Asploro Journal of Biomedical and Clinical Case Reports
Article Type: Case Report
Asp Biomed Clin Case Rep. 2023 Apr 21;6(2):79-82
Ultrasound-Guided Transmuscular Quadratus Lumborum Block Provides Effective Postoperative Analgesia for High Ligation of Spermatic Vein
Corresponding Author: Hongwei Xu
Address: Department of Anesthesiology, West China Hospital, Sichuan University, 37# Wainan Guoxue Road, Chengdu 610041, People’s Republic of China.
Received date: 05 April 2023; Accepted date: 14 April 2023; Published date: 21 April 2023
Citation: Ma J, Xu H. Ultrasound-Guided Transmuscular Quadratus Lumborum Block Provides Effective Postoperative Analgesia for High Ligation of Spermatic Vein. Asp Biomed Clin Case Rep. 2023 Apr 21;6(2):79-82.
Copyright © 2023 Ma J, Xu H. This is an open-access article distributed under the Creative Commons Attribution License, which permits unrestricted use, distribution, and reproduction in any medium provided the original work is properly cited.
Keywords: Varicocele, Quadratus lumborum block, Analgesia, Case Report
Postoperative pain management after varicocele surgery poses a challenge for pediatric patients. The quadratus lumborum block (QLB) is a novel regional analgesia technique that entails injecting a local anesthetic around the quadratus lumborum muscle using ultrasound guidance. In this study, we present the utilization of a single transmuscular QLB in two children as an effective postoperative analgesic method for laparoscopic extraperitoneal high ligation of the spermatic vein (LEHLSV).
A 9-year-old male child was scheduled for LEHLSV as the treatment for left varicocele. In the operating room, standard electrocardiogram, pulse oximetry, and noninvasive blood pressure were monitored. After anesthesia induction was performed with midazolam 1mg, cisatracurium (0.1 mg/kg), fentanyl (4 μg/kg), and propofol (3 mg/kg). #6 single lumen endotracheal tube was inserted. Then, anesthesia was maintained with 1.3 MAC sevoflurane with 40% oxygen and 60% air with volume control ventilation using 6-8 ml/kg tidal volume, and the end-tidal carbon dioxide partial pressure was kept at approximately 35-45 mmHg.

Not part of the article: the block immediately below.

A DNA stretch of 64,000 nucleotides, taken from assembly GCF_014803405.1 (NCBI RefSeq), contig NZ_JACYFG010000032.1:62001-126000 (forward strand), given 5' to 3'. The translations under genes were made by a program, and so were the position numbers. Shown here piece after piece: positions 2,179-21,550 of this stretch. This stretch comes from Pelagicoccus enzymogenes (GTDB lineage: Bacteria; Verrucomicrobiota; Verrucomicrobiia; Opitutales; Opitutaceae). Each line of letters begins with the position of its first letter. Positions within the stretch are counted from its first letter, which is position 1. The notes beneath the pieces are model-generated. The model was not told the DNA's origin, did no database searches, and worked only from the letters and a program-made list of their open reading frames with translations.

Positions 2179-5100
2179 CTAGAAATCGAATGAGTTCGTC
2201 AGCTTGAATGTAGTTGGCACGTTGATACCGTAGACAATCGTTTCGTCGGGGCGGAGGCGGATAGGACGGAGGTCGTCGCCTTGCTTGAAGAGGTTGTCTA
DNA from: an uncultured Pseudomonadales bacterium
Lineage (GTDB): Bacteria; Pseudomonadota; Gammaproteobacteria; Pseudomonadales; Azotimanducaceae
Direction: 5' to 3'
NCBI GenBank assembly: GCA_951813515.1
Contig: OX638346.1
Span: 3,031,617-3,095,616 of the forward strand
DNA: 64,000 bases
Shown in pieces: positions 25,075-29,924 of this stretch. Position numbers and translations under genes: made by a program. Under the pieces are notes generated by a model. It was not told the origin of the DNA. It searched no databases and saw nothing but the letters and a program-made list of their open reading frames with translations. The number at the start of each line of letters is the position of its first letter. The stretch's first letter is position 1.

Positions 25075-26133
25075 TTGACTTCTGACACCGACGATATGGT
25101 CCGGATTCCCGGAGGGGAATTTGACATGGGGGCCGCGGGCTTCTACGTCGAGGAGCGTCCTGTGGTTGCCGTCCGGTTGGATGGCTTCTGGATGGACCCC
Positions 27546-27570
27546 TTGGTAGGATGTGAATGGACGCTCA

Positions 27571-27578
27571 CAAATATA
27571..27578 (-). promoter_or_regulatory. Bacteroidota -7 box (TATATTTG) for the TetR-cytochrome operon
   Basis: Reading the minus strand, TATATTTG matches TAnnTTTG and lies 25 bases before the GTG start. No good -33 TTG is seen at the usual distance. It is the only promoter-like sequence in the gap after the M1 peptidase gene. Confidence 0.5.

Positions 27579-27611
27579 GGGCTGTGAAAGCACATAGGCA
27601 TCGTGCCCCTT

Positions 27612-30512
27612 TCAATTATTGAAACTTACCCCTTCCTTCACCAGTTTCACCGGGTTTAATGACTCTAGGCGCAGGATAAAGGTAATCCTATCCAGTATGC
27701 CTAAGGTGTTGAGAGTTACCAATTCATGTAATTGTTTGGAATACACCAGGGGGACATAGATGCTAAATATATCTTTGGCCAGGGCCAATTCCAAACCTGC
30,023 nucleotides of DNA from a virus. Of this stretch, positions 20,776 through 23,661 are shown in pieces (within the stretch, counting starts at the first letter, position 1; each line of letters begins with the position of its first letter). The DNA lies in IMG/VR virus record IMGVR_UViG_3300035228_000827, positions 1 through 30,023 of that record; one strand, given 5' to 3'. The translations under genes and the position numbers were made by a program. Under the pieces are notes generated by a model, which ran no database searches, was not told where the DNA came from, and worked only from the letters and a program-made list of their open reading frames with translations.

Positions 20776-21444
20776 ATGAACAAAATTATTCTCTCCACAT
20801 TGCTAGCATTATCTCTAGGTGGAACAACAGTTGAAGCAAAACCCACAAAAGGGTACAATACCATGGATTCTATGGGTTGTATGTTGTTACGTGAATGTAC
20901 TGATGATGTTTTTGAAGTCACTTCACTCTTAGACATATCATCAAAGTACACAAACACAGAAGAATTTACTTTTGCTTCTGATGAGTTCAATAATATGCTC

The patient was placed on the right side with the legs flexed for preparation to perform transmuscular QLB and the procedure was performed via a low-frequency curvilinear ultrasound transducer, 2 to 5 Hz (Mindray Anesus ME7; Mindray Bio-Medical Electronics Co., Ltd，Nanshan, Shenzhen) (Fig-1). Ultrasound images of the QLB included the psoas muscle, quadratus lumborum muscle, erector spinae muscle and transverse process (Fig-2). Under aseptic conditions, local anesthetics (0.33% ropivacaine 0.5 ml/kg) were injected between the fascia of the quadratus lumborum muscle and psoas muscle. and good views of the needle (22 G*50 mm) were verified (Fig-3). During the operative time, fentanyl and muscle relaxant drugs were not administered. There was no hemodynamic instability during the operation. The surgical procedure lasted 38 minutes, and then the airway device was removed once the patient’s spontaneous breathing recovered without neuromuscular block.
The patient did not cry awake or report pain, and the numeric rating scale (NRS) for pain was 1/10 at rest and 1/10 during movement after extubation (Table-1). The total dose of fentanyl was 120 μg, and no remifentanil was required during the operation. In the postoperative recovery area, the patient did not report pain, vomiting, or nausea. Up to 6, 12, and 24 hours after surgery, the pain level at rest was 1/10, 1/10, and 2/10, respectively, and the pain level during movement was 1/10, 2/10, and 3/10, respectively.
Table-1: Postoperative NRS Scores of Patients at Different Time Intervals
A 10-year-old boy with left varicocele underwent the same surgery and QLB for postoperative analgesia as Case One. The patient did not cry awake or report pain, and the NRS for pain was 1/10 at rest and 1/10 at movement after extubation (Table-1). In the postoperative recovery area, the patient did not report pain, vomiting, or nausea. Up to 6, 12, and 24 hours after surgery, the pain level at rest was 1/10, 1/10, and 2/10, respectively, and the pain level during movement was 1/10, 3/10, and 3/10, respectively.